Guest Posts, Free Evaluation, MBA Preparation

Does “leadership” really matter to your MBA candidacy?

May 19 2015 By The MBA Exchange
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We’re very pleased to share this guest post by Caryn A. Levine. A dual-degree graduate of Kellogg’s MMM Program, Ms. Levine earned both an MBA and an MEM (Masters in Engineering Management) at Northwestern University. She is a Senior Admissions Consultant at The MBA Exchange.

As college commencement speakers wax poetic to newly minted grads about the importance of “leading by example” and “being a strong citizen in one’s community,” it is timely to remind ourselves why institutions of higher education — and MBA programs specifically — care so much about an applicant’s record of leadership, both inside and outside the workplace.

You may be asking yourself: aren’t business schools tasked with molding an admitted applicant into a great leader? Isn’t that what all that tuition is for? As it turns out, the top MBA programs have very well thought out reasons for wanting to see evidence of leadership endeavors when evaluating applicants. That is why the admissions committees ask about a candidate’s non-work leadership experience by means of essay questions, interview topics, and short-answer responses.

So, if you are a future MBA applicant asking yourself, “Why do they care so much? Shouldn’t my strong academic record, professional experience and college extracurriculars be sufficient to prove I can succeed both at b-school and in my career?”, take the time to consider the following reasons why the adcoms care A LOT; then get the guidance you need to strengthen and convey your own leadership profile.

1. There is great debate in the academic business community about whether leadership can truly be “taught” in a classroom. The philosophies of many top business schools are that while leadership style and technique can be molded and refined in the classroom, it cannot be “learned from scratch”. There is an overriding belief that leadership is, to some extent, innate and should therefore be evident in one’s past experiences from a fairly young age.

2. Examples of professional leadership are certainly valuable, but diluted by monetary and career advancement motives.MBA admissions committees view leadership examples of a professional nature as less “pure” than those that are non-professional. This is because leadership in one’s community typically requires a proactive, selfless commitment to a cause or pursuit with rewards that are altruistic rather than self-advancing.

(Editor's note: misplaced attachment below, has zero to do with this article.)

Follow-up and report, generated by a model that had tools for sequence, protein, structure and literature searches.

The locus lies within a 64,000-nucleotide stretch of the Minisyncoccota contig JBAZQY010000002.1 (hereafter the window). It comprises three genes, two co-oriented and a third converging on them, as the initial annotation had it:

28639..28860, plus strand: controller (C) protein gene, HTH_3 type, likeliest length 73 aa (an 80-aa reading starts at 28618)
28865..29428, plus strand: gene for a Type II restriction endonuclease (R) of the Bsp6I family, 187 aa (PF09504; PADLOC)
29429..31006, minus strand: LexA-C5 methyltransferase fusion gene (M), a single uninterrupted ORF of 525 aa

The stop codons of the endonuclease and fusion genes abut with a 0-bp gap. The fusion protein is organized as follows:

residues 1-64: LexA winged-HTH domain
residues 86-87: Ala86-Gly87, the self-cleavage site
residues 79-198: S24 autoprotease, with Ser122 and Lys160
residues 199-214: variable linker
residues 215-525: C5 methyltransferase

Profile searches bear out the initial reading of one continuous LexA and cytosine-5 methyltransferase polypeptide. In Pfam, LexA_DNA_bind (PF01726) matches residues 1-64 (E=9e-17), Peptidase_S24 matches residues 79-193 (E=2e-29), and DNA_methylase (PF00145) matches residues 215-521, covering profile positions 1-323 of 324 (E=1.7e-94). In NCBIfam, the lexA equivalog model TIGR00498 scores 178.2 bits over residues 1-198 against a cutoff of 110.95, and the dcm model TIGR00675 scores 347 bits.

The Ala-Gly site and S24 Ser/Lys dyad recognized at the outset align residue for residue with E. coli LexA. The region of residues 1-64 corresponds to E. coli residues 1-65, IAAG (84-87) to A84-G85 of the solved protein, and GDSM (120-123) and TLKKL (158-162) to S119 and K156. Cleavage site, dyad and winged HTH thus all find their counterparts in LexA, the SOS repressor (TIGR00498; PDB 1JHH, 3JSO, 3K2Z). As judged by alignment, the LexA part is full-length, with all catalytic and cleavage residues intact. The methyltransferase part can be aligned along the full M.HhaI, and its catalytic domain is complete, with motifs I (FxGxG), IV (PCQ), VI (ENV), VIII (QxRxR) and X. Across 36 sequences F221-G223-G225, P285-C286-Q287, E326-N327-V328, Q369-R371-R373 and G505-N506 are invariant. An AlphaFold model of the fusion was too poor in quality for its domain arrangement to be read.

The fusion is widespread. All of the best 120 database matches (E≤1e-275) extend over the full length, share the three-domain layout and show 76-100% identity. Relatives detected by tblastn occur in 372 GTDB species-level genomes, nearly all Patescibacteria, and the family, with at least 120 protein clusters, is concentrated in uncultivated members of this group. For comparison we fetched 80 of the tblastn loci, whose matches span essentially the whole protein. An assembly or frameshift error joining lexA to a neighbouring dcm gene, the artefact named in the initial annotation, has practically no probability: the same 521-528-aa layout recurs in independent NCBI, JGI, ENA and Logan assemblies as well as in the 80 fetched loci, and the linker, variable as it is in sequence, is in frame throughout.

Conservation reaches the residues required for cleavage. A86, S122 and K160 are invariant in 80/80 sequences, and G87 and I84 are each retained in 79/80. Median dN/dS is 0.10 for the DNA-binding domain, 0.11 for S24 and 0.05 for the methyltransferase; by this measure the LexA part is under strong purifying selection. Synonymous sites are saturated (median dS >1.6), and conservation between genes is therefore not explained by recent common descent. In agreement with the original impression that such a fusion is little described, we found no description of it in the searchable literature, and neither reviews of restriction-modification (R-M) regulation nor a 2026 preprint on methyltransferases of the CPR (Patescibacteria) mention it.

3. Evidence of non-work leadership often illuminates the “other” important facets of a candidacy.Since the goal of every MBA admissions committee is to “craft” a class of unique individuals who will truly benefit from a collective learning environment, such leadership examples help admissions officers identify the likely ways in which a candidate will contribute to the clubs, community involvement, and classroom discussions that enhance learning for all students.

4. Actions taken by an applicant in the past and present are the best predictor of future behavior. Not only do top MBA programs desire for their students to be employable upon graduation and successful in their professional careers, they also desire for their alumni to sit on the boards of non-profits, give back to their universities in both monetary and non-monetary terms, and be positive forces for change wherever they go. Since predicting future involvement is extraordinarily difficult, admissions committees rely on specific examples of such leadership as evidence of an applicant’s future impact on the community and society. And the fewer leadership examples you have from the past, the more you need them in the present.

If trying to establish and communicate a track record of non-work leadership sounds daunting, don’t fret. Our team of admissions experts at The MBA Exchange has decades of collective experience helping clients to bolster and convey an authentic leadership profile that will resonate with even the most discerning adcoms. So, why not take a first step in the right direction today by requesting a free evaluation of your MBA candidacy?

Remember: if your leadership profile is not positioned as an asset to your b-school application, then it will be viewed as a liability.